Principles of Feedback

Principles of Feedback

Principles of Feedback

Feedback is the response of receiver concerning the message he received. It is an essential element of two-way communication. Feedback can be favorable or unfavorable. Whatever may be the feedback, it should follow some guidelines or principles. The followings are the prime principles / guidelines of making feedback effective:

Specific: The receiver should convey his response specifically. Specific response helps the sender to understand receiver’s attitude towards the message.

Descriptive: To make the feedback clear and worthwhile to the sender, it should be descriptive in nature. In feedback, the receiver should maintain logical sequence of message he received and incorporate his opinion in details.

Clarity: Clarity is an important principle of both effective communication and effective feedback. Principle of clarity requires that feedback should be free from ambiguity and exaggeration. Clarity comes from attentive listening and careful interpretation of message.

Promptness: Feedback should be delivered without unnecessary delay. Delay in feedback destroys its utility. Promptness depends on the nature of communication. In face-to-face communication, feedback is instant while written communication may allow a time lag in feedback.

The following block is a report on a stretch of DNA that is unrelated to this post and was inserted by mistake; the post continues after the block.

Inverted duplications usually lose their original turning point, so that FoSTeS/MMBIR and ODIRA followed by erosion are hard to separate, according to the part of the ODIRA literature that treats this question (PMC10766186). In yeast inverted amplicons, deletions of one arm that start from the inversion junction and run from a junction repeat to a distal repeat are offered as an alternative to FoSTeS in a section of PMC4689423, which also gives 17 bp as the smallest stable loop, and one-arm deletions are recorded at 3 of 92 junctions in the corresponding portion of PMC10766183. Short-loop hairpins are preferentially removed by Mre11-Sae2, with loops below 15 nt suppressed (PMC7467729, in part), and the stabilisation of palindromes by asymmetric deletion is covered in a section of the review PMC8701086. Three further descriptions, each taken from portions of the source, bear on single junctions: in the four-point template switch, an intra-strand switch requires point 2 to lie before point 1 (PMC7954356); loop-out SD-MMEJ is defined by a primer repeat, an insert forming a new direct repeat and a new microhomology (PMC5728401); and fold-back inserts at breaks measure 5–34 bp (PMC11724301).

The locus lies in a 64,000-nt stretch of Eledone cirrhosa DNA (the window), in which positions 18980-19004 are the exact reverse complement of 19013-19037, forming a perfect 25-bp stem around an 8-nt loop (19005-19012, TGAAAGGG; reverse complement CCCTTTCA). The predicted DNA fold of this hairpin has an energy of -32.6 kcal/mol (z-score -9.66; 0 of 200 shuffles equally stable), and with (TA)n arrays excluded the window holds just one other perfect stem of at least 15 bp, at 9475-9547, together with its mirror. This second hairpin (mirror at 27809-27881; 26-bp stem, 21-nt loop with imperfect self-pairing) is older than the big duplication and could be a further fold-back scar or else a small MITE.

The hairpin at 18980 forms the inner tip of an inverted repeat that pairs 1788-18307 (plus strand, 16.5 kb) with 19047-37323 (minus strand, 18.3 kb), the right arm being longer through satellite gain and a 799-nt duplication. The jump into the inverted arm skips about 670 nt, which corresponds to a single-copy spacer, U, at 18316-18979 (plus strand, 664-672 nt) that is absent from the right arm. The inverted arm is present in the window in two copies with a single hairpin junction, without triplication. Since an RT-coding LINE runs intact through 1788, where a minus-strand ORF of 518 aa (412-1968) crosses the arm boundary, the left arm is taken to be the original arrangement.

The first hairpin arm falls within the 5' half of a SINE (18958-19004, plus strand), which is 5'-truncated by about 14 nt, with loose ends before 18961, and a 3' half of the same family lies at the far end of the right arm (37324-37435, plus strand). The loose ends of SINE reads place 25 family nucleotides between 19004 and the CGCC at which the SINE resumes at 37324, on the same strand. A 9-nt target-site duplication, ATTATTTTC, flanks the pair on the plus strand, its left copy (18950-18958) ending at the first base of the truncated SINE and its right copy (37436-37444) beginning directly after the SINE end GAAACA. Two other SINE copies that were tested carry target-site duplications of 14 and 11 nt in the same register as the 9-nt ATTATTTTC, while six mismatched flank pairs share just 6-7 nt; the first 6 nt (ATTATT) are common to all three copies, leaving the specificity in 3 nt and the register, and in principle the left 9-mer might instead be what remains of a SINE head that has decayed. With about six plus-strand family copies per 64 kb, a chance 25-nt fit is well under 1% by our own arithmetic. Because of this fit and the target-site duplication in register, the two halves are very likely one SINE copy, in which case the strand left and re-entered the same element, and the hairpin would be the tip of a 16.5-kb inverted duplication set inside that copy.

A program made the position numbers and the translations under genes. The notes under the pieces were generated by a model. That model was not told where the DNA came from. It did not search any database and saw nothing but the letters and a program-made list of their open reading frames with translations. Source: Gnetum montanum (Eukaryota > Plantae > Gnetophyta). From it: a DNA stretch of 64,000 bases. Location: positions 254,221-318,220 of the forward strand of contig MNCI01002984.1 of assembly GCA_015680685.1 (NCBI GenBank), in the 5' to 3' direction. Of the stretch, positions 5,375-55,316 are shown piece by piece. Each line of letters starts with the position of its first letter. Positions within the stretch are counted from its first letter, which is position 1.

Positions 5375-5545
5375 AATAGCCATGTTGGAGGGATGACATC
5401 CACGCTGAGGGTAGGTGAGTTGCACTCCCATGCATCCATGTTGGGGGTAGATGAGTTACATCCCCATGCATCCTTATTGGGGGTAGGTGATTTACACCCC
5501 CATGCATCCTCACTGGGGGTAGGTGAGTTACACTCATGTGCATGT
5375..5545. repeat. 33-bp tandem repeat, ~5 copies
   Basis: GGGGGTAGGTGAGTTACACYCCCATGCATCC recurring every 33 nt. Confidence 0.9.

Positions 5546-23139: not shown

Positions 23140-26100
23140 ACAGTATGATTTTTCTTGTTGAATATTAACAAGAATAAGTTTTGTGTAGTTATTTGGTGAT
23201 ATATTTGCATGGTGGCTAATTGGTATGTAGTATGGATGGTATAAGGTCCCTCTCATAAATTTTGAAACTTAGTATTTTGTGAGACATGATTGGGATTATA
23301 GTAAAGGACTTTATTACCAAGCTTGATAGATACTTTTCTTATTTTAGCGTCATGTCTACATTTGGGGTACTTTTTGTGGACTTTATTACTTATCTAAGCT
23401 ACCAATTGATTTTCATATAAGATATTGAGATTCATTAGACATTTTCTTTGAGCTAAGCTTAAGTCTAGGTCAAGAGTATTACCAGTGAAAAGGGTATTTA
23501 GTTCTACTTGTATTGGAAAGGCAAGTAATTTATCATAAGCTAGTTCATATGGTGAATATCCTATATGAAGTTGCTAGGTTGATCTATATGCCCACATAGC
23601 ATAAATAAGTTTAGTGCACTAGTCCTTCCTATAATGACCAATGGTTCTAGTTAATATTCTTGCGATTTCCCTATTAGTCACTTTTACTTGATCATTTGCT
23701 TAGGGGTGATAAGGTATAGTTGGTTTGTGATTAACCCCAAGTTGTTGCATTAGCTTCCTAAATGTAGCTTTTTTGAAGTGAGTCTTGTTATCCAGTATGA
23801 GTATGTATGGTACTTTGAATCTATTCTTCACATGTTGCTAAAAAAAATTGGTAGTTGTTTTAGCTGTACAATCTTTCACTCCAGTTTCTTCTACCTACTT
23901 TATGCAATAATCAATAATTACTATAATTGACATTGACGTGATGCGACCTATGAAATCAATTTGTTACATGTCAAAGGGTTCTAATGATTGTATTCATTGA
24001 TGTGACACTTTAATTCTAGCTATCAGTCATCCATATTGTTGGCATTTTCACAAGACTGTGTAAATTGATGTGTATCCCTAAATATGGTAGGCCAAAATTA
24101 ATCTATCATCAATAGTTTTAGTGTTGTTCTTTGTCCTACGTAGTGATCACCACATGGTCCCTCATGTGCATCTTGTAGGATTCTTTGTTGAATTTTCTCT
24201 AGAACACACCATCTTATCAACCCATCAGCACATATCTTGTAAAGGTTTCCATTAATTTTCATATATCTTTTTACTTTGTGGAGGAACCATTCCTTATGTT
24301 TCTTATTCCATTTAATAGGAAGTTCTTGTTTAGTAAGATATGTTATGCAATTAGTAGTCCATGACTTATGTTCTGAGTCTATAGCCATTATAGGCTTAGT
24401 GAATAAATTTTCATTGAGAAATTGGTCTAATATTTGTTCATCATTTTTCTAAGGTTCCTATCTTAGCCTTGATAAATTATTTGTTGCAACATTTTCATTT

Completeness: Feedback is effective when it is complete. Completeness of feedback means it should answer all the queries of the sender.

Solicited: Feedback must be spontaneous. This principle is attained when the receiver willingly responds to the sender’s message.

Informality: Efficacy of feedback also depends on the use of information channel along with formal channel. If there is any informal channel for providing feedback, employees come forward to show then reaction spontaneously.

Relevance: Principle of relevance requires that feedback should be relevant and consistent to the content of the message received. Relevant feedback can only help the sender to understand receiver’s reaction. Irrelevant feedback may irritate the sender and hamper the objective of communication.